By: Daniel Tierney/Webmaster
On the surface, determining the power of a spinny chair seems extremely simple. Power is the rate at which work is done, and can easily be found by dividing work by time. Naturally, the unit would be kg · m²/s³. To save some stress and writing space, scientists decided to call the unit for power the “Watt”, after Scottish inventor James Watt. The information above may raise a few questions, such as “How does one measure the force exerted on a spinny chair? What is the actual certainty of the amplituhedron? Is the universe fundamentally deterministic? Does the author of this article exist or did my own perception of consciousness generate these ideas?” The simple answer is thirty-five, a common tetrahedral number preceding thirty-six and following thirty-four.
However, power in this context does not refer to the rate at which work is done. It actually refers to the abstract representation of the ability to cause change in other beings, which is very similar to physical power. A person with power or authority, like a teacher, often has more power than a room full of students. It must be stressed that power is a limited resource. Not everyone can be powerful. For every bit of power that one entity gains, another must be loosing it. Ideally, leaders of countries have power because the people willingly give up their own in exchange for government protection (Described in some ways by John Locke’s social contract theory). Nevertheless, there seems to be one exception in the rule: power is apparently generated whenever a student sits in a spinny chair. If social power is a conserved resource, where does one possibly draw power from when sitting in such chair?
Further research indicates that only students experience this sudden presence of extra power upon placing themselves within the confines of a rotating chair with wheels. In fact, most teachers seamlessly transfer from location x into an advanced rotational chair without showing the slightest change of emotion. One teacher has never noted such a phenomenon and had to actively compare experiences to even reach a conclusion. When prompted, sophomore Morgan Mansfield stated, after some thought, that sitting in a spinny chair did indeed make her feel somewhat special. Jessica Marvin, the ideological provider of the basic question of this article, was enlightened while utilizing such chair for the very purpose of idea making (A purpose which was fulfilled, if you ask me.) One teacher noted the comfortability and practicality of the aforementioned seating device, although failed to connect to any excess emotional power.
Thus, the extra power that students experience when seating themselves in a circular seating system must be a result of a distinction between students and teachers: the ability to influence a classroom of students. In comparison to teachers, most students are extremely similar. A large majority of students act as their teachers tell them to, whether they like it or not. Upon the sounding of the bell, students rush from the classroom into the hallways, with nearly every door swinging open at the same instant. By the time a student reaches high school, these standard procedures have been engraved in their minds. Rarely is there ever anything out of the ordinary capable of drawing their attention. However, spinny chairs are a very precious and rare resource in high schools, numbering less than one per room. When a student is able to become the commander of their very own spinny chair, they become unique. Their supporting surface differs from that of their peers. It is more elegant and majestic. Sitting in such a unique seating device comes with the ability to command the attention of large amounts of students, students who have been associating people sitting in spinny chairs with power for years.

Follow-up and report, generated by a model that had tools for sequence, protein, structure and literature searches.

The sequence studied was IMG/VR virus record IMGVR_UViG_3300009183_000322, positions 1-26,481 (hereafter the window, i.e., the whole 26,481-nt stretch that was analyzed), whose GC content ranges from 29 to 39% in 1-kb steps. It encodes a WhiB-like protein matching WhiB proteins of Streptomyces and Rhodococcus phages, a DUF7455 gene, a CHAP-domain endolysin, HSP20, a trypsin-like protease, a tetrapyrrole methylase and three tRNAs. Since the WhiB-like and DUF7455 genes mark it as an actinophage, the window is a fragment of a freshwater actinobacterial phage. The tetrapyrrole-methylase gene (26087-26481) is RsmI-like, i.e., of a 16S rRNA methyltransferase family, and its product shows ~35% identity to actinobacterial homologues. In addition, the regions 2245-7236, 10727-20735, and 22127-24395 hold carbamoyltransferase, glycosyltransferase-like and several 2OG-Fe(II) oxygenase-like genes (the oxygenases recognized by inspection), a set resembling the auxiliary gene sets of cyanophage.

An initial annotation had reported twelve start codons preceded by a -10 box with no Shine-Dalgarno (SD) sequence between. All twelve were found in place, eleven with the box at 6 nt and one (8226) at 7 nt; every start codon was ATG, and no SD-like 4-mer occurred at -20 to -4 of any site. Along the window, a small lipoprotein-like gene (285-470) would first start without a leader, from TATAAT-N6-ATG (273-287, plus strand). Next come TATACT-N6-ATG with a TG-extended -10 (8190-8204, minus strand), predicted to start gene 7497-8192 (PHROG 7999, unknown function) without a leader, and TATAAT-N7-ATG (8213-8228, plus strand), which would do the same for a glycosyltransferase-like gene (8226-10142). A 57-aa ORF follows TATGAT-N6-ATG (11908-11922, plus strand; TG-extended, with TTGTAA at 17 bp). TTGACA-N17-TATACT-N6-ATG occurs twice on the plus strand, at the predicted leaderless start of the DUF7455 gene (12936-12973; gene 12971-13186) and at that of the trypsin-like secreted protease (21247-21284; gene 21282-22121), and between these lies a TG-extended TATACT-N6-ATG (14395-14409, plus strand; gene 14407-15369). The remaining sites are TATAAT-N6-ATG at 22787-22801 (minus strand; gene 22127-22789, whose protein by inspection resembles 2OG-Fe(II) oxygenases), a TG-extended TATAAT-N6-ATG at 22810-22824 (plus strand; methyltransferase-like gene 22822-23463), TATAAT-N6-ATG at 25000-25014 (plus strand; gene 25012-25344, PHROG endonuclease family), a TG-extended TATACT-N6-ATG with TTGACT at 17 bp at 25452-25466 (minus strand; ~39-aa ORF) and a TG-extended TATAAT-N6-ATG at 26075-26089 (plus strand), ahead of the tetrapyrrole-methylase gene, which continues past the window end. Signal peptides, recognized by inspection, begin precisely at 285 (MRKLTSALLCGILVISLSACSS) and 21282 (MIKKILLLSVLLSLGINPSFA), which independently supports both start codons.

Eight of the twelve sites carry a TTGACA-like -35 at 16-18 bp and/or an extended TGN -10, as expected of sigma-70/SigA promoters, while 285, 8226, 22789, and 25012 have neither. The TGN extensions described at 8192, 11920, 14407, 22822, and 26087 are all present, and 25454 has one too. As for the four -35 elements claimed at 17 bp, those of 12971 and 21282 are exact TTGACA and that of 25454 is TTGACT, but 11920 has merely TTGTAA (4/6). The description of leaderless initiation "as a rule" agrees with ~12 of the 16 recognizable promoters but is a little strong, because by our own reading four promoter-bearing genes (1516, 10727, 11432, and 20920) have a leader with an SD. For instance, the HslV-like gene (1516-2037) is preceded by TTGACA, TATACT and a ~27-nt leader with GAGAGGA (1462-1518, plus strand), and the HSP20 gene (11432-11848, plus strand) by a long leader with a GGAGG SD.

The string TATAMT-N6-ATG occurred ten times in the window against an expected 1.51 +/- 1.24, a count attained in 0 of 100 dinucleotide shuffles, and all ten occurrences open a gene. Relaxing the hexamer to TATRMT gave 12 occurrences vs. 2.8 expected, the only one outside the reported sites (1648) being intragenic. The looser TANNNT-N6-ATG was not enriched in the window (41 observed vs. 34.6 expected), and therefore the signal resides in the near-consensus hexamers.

The power that a student feels when seated in a spinny chair is no illusion. The tradition of those with power sitting in elegant chairs goes back for centuries. When a student places themselves in such a chair, their mind connects them to people with power and authority. Other students make the same connection, often more likely to look at a person in a spinny chair than one in a regular chair. The power of a spinny chair is rather immense, and my suggestion to you, dear reader, is to consider the effects of seating devices wisely before placing yourself down.
This sentence describes Dan well. Not this sentence, but the previous. A student who often forgets assignments might compose such a statement hastily at the beginning of class. Because you can assume that, the sentence accurately describes a poor student. Thus, they have completed an assignment asking them to write a short biography. Because they completed the assignment, doesn’t that mean that they are actually a good student, and the biography is wrong? The ability to overthink absolutely anything is an important characteristic of Dan. Dan also enjoys science, reading, writing, philosophizing, and creating new things.